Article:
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What French and German Movie Trailers Can Teach Us About Cultural Differences

What French and German Movie Trailers Can Teach Us About Cultural Differences

What can movie trailers teach us about cultural differences in advertising and marketing? A lot argues interculturalist, Désirée Gergen, in her blog for the Culture Vulture.


In the last few decades, culture and cultural differences have gained importance not only in the academic but also the business field, specifically international marketing.

The world is becoming more and more globalised and international trade is inevitable; thus the question of how a successful marketing and advertising strategy should be planned and established, has become inextricable.

Standardised vs Adapted Strategies

We know that marketing and advertising strategies can be either adapted or standardised. That means that marketers use a strategy specific to a country’s or culture’s preferences or a  globalised strategy.

Some business and marketing professionals will be in favour of a more globalised and standardised advertisement while others will opt for a more tailored way of communicating and advertising.

In regards to cultural values, adapted advertisements have been identified as more effective as they address specific topics in a certain way and style which is unique to certain cultures, countries or groups. In the print media for example, not only the text but also the pictures are perceived differently depending on one’s cultural background.

How Movie Trailers Expose Cultural Differences

Recently, differences in film advertising have been identified and it has been demonstrated that movie trailers in particular show differences based on cultural values.

In the specific case of France and Germany, differences in movie trailers can be linked to some of the most influential theories in the field of intercultural communication and marketing and advertising.

According to the ‘femininity/masculinity framework’ of Geert Hofstede, a Dutch social psychologist,  France ranks more ‘feminine’ than Germany and

•    favours quality of life rather than professional achievement and wealth like Germany
•    focuses on family and close relationships,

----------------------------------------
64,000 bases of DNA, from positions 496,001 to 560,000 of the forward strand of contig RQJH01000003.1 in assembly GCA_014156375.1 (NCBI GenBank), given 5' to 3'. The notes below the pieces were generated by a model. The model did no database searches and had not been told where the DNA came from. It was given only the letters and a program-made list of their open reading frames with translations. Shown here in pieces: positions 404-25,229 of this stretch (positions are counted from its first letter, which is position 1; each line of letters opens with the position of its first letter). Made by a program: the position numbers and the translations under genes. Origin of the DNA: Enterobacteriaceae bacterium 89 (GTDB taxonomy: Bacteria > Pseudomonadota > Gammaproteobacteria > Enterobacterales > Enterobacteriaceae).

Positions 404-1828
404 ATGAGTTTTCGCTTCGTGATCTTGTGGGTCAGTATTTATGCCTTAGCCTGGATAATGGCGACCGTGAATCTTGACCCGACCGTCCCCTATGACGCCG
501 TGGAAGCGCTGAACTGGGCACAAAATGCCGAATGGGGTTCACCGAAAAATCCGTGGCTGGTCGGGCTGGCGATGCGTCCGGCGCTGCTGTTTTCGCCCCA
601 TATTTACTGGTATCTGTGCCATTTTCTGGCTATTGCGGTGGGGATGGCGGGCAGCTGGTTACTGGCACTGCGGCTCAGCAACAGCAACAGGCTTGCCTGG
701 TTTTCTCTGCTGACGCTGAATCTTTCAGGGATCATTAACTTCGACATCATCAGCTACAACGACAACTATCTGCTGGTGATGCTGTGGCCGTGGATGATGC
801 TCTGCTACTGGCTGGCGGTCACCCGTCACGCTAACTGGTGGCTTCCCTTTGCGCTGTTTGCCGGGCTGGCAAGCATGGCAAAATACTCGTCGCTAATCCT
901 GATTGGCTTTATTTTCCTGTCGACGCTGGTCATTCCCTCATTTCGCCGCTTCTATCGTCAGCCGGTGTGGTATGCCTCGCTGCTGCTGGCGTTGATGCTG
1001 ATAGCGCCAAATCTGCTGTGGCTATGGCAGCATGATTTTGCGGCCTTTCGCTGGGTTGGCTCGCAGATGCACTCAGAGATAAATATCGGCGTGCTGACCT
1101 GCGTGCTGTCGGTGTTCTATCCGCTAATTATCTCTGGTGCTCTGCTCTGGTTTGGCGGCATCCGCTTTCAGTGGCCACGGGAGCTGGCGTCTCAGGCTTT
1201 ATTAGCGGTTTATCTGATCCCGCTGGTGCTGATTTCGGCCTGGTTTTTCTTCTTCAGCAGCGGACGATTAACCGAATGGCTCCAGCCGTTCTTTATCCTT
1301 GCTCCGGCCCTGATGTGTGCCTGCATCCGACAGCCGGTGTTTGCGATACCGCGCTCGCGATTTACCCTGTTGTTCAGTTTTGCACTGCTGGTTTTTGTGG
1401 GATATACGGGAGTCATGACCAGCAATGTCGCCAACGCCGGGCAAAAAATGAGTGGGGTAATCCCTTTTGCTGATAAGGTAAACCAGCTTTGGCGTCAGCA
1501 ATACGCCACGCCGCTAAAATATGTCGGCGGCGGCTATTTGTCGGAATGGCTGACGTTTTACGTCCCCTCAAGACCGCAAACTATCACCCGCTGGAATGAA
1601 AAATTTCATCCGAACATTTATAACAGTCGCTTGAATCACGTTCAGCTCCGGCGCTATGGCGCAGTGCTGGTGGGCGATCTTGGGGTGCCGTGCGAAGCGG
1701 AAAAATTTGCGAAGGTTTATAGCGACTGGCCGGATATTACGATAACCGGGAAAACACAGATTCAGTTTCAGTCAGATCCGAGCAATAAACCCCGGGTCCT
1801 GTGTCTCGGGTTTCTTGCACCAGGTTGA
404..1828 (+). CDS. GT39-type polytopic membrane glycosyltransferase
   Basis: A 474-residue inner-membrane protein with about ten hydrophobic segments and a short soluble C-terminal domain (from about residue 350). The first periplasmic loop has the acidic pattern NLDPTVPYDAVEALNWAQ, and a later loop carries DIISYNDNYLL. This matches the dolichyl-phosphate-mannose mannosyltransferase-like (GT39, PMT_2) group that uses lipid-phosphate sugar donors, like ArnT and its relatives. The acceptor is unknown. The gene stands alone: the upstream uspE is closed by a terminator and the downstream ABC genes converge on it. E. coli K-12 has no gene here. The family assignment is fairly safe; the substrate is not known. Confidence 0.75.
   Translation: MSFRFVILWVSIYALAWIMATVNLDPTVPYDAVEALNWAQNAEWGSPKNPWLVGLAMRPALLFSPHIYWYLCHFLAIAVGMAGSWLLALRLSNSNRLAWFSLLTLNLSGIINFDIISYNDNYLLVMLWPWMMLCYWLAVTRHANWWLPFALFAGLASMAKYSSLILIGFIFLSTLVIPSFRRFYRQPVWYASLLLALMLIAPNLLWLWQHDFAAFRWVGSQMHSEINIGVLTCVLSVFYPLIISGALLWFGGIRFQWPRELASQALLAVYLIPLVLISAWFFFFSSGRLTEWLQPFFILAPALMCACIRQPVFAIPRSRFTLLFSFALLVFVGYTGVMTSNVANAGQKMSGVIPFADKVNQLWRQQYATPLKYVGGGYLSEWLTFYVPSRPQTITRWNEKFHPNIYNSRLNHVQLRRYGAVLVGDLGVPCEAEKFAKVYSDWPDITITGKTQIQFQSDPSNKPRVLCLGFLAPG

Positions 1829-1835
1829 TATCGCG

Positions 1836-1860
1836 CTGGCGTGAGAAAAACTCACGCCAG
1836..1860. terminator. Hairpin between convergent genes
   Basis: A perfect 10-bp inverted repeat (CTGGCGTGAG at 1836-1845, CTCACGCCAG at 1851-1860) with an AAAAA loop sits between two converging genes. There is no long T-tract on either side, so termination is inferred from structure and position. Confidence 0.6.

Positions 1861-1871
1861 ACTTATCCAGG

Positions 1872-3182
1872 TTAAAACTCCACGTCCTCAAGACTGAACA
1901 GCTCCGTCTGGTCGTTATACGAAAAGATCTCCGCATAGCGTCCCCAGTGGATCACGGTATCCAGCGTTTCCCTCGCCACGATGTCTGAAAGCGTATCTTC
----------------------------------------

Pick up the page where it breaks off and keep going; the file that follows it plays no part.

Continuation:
•    avoids aggressiveness and violence and favours negotiation in conflicts.

Germany ranks more ‘masculine’ and

•    accepts conflicts and aggressiveness  
•    tends to have a direct, unemotional and concise communication style.

In regards to communication style, E.T. Hall, an American anthropologist and cross-cultural researcher, identified a difference between low-and high-context cultures, classifying France as high-context and Germany as low-context culture.

This means that French communication style tends to

•    express a low amount of information
•    and base the communication on the context while it is assumed that the listener has some knowledge.

German communication style tends to

•    favour an explicit and very detailed communication style
•    be based on what needs to be said and how in order to successfully communicate.

A recent study compared original French movie trailers with their German counterparts for the same film, and it was found that:

German trailers

•    are shorter,
•    present little change of music
•    mostly consist of one part without clear introduction
•    communicate a lot of information and avoid uncertainties
•    combine vocals with visuals to make sure the viewer understand the message.
•    show more violence
•    lack humour
•    tend to be more dramatic, expressed through visuals and music
•    and tend to give additional information, e.g. prior engagements of actors etc.

These findings are congruent with the theories by Hofstede and Hall previously discussed. So next time when you are thinking of internationalising your marketing campaign, keep in mind that in France the advertising style is not explicit and informative like in German but rather dreamlike.



In regards to trailers for example, French trailers are longer than German ones, but contain less information. The viewer still needs to interpret what they sees as well as he/she is assumed to have more knowledge on a particular topic (e.g. French Fashion) when compared with their German counterparts.


Some things are also only slightly evoked through visuals or vocals but not clearly expressed. Violence is avoided and the focus is put on families and friendships rather than on wealth and business achievement. Humour is widely present and language plays are an important factor too.

All in all we have to remember that these different advertising styles based on communicative and cultural differences can lead to different interpretations and expectations of the story. Therefore it is crucial to be aware of cultural differences even though the internationalisation of the world may seem to favour global strategies.

It is important for marketing professionals to remember these differences as they are a vital part of a successful international advertising campaign, not only in the film industry.

In order to communicate its purpose, an advertisement should be adjusted to the culture’s and country’s advertising style and preferences. Should this not be the case, the advertising campaign is very likely to fail and send the wrong messages as it has happened on several occasions in the past.


Author bio: Désirée Gergen is about to graduate in an MA in Intercultural Communication for Business and Professions at Birkbeck College, University of London.


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